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The Raymond and Ruth Perelman Center for Advanced Medicine will open in June across the street from the Hospital of the University of Pennsylvania and will have LEED certification.

At Penn Medicine, officials are thinking green, and they're not just referring to nauseated patients.

The Raymond and Ruth Perelman Center for Advanced Medicine is on schedule to open early this summer and will have certification from the U.S. Green Building Council.

The Perelman Center will begin seeing patients as early as mid-June and will be in full operation on Jan. 1, 2009.

The $232-million facility - the largest capital project in Penn Medicine's history - will be located near the Hospital of the University of Pennsylvania at 34th Street and Civic Center Blvd.

The Perelman Center will be the first building on campus to receive a Leadership in Energy and Environmental Design certification administered by the U.S. Green Building Council, according to University Architect David Hollenberg.

To get and maintain LEED certification, the Perelman Center is being constructed partly in recycled and local materials and will be designed for energy efficiency.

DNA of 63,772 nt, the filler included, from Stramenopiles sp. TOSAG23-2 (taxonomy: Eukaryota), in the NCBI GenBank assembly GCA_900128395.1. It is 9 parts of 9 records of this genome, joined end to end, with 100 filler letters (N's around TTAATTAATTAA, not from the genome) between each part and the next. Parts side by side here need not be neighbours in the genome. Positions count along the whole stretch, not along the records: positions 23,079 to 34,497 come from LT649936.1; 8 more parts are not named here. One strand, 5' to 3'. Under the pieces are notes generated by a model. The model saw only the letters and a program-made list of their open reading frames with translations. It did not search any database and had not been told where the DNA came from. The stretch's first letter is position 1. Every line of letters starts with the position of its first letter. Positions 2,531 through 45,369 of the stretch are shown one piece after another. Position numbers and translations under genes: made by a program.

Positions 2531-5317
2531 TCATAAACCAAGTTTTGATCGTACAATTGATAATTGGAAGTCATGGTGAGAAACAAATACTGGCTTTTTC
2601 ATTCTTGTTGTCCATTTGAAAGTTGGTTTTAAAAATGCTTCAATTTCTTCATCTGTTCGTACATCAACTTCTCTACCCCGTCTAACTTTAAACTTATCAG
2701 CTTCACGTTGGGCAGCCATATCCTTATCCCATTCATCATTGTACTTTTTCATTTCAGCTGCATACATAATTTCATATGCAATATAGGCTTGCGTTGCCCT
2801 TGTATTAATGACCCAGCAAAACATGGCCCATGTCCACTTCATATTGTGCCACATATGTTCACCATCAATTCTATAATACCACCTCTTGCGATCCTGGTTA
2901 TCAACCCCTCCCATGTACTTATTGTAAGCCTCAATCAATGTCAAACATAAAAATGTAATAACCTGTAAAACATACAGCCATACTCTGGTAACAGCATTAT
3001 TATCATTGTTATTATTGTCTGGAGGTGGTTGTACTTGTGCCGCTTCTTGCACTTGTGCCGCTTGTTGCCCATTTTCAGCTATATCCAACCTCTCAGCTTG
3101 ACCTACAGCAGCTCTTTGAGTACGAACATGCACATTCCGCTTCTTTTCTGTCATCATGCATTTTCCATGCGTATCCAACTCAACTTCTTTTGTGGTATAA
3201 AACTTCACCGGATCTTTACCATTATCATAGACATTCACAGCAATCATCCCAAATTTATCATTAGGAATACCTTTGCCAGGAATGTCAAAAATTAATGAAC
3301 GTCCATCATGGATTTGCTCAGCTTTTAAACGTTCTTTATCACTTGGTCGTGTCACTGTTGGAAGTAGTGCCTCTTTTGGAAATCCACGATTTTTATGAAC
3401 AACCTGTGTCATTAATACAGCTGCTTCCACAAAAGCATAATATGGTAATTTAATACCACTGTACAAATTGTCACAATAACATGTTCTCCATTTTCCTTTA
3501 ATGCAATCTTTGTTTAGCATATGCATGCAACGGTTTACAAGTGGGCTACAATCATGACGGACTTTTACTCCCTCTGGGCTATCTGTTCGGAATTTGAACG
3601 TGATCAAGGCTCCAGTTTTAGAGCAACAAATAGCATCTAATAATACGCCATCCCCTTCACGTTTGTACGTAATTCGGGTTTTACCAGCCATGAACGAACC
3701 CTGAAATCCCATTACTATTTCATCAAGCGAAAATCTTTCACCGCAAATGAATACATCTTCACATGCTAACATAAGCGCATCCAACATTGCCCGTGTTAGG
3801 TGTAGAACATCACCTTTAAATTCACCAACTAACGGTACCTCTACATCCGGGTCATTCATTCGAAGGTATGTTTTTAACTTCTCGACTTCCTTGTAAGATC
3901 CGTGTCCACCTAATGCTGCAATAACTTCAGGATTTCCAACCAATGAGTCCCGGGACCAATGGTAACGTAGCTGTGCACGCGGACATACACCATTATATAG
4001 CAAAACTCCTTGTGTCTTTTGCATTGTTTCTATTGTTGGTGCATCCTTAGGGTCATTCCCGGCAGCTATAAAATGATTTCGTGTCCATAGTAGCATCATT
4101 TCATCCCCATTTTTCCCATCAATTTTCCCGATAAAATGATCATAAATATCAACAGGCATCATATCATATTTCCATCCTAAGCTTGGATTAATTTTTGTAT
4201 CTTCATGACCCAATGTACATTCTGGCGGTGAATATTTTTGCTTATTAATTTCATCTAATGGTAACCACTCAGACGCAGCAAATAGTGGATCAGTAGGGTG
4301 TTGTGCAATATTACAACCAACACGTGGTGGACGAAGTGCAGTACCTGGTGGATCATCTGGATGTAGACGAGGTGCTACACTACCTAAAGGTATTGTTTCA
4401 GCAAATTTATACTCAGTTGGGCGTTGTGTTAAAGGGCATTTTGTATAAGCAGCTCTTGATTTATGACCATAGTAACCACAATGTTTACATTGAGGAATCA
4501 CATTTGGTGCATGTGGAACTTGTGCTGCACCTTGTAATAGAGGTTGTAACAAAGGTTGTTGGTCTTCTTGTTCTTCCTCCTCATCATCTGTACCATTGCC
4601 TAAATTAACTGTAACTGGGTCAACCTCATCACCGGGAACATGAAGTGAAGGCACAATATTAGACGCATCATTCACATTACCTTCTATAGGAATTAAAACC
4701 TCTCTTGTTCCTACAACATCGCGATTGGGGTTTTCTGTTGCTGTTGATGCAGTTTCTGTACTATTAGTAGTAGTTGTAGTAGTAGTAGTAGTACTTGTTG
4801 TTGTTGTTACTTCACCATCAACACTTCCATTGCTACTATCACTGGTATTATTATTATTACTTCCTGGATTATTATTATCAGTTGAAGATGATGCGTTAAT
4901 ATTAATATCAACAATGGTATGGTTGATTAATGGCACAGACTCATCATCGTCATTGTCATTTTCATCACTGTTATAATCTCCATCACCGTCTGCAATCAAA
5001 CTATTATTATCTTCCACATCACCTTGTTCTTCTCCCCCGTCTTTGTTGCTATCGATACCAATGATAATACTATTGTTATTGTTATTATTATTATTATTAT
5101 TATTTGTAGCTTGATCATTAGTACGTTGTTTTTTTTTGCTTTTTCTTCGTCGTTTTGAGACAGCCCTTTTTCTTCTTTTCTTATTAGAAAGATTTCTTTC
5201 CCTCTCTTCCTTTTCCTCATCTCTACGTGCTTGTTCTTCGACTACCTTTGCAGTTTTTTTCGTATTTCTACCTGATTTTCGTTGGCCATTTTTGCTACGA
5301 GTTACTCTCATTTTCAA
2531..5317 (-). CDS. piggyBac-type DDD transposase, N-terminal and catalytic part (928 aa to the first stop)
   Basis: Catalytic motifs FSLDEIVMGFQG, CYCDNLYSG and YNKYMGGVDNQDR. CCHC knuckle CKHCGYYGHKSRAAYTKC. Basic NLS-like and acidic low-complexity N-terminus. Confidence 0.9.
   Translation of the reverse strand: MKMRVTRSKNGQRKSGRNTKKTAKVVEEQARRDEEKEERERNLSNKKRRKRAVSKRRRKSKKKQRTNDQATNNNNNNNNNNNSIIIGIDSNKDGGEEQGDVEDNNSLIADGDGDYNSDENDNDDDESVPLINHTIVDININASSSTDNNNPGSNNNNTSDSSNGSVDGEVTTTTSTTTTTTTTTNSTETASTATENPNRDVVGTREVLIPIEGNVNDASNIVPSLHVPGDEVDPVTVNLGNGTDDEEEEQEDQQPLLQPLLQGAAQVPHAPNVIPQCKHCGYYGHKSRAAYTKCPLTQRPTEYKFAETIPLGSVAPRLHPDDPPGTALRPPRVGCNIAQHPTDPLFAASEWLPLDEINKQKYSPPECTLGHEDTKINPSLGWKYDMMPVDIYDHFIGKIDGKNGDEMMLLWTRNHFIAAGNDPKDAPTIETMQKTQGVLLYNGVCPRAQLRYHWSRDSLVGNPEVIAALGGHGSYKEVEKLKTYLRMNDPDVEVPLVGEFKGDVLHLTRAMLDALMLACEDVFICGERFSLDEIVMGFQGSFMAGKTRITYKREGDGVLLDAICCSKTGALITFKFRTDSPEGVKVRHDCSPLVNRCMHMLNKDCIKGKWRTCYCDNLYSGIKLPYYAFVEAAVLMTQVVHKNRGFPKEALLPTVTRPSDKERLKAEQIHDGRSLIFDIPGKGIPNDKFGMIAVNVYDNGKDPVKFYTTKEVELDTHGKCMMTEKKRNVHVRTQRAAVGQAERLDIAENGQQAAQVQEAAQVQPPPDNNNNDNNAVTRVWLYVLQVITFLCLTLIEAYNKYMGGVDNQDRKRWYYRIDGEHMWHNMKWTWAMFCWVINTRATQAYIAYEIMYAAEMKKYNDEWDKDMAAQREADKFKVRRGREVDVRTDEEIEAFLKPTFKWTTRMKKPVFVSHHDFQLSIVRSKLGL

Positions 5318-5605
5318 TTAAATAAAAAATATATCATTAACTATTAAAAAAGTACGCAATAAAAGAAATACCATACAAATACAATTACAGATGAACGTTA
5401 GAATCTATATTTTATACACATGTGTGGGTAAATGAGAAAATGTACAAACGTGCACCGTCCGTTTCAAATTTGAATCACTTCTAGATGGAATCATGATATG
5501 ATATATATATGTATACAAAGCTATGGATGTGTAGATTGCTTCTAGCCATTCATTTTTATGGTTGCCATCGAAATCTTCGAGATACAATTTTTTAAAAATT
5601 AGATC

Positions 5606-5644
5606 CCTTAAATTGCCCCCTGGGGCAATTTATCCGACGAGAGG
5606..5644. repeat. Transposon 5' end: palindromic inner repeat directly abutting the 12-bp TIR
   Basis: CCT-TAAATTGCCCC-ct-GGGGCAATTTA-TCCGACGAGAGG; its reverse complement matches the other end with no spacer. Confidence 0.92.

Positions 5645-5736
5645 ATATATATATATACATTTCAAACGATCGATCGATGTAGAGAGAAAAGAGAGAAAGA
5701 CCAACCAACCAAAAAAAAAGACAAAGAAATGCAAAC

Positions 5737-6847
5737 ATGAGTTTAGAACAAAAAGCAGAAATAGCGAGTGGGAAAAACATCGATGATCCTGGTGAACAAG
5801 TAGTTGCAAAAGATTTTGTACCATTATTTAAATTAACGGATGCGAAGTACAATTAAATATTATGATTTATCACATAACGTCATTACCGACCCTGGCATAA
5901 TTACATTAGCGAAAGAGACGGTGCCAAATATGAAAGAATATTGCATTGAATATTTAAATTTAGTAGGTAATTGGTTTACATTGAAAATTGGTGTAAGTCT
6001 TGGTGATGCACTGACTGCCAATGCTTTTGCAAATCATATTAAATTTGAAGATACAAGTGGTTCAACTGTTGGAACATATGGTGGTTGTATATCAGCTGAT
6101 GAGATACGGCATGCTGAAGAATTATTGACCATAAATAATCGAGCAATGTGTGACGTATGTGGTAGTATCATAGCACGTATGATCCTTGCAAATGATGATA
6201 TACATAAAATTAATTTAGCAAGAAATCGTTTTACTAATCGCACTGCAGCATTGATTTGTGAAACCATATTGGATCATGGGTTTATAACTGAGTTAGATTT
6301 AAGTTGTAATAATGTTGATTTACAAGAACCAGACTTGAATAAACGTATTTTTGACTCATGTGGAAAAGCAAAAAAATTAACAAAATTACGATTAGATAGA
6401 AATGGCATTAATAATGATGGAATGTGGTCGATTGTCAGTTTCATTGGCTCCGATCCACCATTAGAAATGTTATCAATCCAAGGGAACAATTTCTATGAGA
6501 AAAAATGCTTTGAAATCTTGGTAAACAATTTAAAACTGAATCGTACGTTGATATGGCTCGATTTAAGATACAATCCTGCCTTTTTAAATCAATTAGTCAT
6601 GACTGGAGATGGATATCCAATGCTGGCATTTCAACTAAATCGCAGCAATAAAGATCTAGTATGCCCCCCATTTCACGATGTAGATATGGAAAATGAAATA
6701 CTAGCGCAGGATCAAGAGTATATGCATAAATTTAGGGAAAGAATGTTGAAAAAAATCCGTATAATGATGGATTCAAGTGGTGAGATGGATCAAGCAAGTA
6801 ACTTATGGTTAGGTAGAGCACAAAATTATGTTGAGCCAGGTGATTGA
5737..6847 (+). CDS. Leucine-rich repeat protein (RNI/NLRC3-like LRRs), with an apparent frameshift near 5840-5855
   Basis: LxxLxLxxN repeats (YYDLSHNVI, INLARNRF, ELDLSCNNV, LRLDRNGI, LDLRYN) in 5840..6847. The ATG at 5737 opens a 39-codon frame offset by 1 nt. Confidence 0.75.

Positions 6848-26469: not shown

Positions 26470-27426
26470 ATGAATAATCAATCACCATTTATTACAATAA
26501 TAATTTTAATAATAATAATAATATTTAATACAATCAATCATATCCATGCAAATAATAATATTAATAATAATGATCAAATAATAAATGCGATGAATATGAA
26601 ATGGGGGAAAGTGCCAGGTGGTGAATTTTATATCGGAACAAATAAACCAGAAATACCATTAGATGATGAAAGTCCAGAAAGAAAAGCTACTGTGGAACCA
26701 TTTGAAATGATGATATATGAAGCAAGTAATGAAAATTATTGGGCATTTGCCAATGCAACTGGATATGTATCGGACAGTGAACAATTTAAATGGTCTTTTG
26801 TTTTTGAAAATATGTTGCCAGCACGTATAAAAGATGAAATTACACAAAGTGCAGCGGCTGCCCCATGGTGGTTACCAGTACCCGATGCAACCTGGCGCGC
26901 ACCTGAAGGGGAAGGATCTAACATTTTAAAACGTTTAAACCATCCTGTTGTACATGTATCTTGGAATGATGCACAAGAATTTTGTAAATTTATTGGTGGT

Energy efficiency is a must because the Perelman Center is an 800,000-plus square foot building, including underground parking, Kevin Mahoney, executive director of the Center for Advanced Medicine at Penn, wrote in an e-mail.

In addition to energy efficiency, measures will be taken to ensure high air quality in the center. Such measures include carpeting and paint that are aimed at reducing indoor air contaminants.

"Since patients' health is our primary concern, it stands to reason that the building in which they are being treated has the patient's and the planet's health as a priority," Mahoney said.

Officials also cited the Perelman Center's size and location as factors that will improve medical care.

According to Mahoney, the size of the Perelman Center will make it possible to house doctors from many specialities, improving collaboration in patient care.

The specialties housed in the Perelman Center will include cancer services, cardiovascular, diabetes, radiology and infectious disease.

Medical students will also be able to work with doctors outside their specialty. The Perelman Center will help prepare medical students because "the practice of medicine is moving toward a collaborative model," Mahoney wrote.

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